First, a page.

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The Kimchi Chronicles

bluesky79

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Chicago Tribune featured an article on Vongerichten's new cookbook a few days ago (article here). A few excerpts from the article :

Marja Vongerichten believes it's time for kimchee to be discovered and enjoyed by more people. "I think it's got huge potential," she says. "People just don't really have a knowledge of it."Indeed, nothing looks, tastes, feels or smells quite like kimchee, a pungent, pickled, fermented condiment that is served with nearly every Korean meal. (It's also spelled kimchi or kim chee.)Made year-round, kimchee has hundreds of variations that depend on the season and the available produce, which can include cabbage, radishes, green onions and cucumbers. Many kimchees are fiery in flavor and color thanks to the liberal application of red chili powder. It can also be stinky, but Vongerichten notes the same can be said for a number of fine French cheeses.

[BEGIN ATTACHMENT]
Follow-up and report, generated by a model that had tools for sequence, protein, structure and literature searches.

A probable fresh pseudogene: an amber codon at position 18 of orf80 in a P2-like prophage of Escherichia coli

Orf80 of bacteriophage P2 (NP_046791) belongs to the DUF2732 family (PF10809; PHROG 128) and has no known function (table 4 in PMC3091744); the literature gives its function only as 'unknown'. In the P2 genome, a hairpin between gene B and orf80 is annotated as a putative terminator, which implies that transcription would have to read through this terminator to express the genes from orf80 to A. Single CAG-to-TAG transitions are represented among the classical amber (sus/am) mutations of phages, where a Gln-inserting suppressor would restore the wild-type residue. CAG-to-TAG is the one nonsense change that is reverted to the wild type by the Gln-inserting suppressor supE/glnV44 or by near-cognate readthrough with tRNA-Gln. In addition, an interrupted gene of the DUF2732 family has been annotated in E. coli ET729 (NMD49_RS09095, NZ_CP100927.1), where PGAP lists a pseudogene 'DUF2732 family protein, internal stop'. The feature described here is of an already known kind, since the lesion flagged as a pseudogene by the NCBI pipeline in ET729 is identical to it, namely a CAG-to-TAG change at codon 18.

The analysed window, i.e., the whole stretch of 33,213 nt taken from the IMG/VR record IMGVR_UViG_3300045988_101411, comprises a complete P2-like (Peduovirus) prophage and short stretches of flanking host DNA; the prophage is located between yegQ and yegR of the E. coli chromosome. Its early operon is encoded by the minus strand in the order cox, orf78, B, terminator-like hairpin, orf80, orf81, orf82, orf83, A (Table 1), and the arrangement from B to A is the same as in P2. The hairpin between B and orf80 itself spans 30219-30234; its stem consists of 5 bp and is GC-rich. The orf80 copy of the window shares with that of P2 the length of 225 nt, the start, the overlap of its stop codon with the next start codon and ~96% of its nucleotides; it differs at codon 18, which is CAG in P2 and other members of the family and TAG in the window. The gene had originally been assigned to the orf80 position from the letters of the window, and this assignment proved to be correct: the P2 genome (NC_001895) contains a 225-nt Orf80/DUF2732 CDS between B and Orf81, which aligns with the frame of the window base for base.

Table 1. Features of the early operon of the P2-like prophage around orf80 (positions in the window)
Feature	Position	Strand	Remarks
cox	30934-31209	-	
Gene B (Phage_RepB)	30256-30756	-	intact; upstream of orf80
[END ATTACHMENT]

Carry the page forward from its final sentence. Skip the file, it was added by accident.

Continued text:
"Be adventurous," she urges. "Close your eyes and eat it."
I haven't had the opportunity to look into the content of the book, or try the recipes. But this book has been getting pretty positive feedbacks from both American and Korean media, so I look forward to trying some of the recipes. It's got decent (but few) reviews on Amazon too.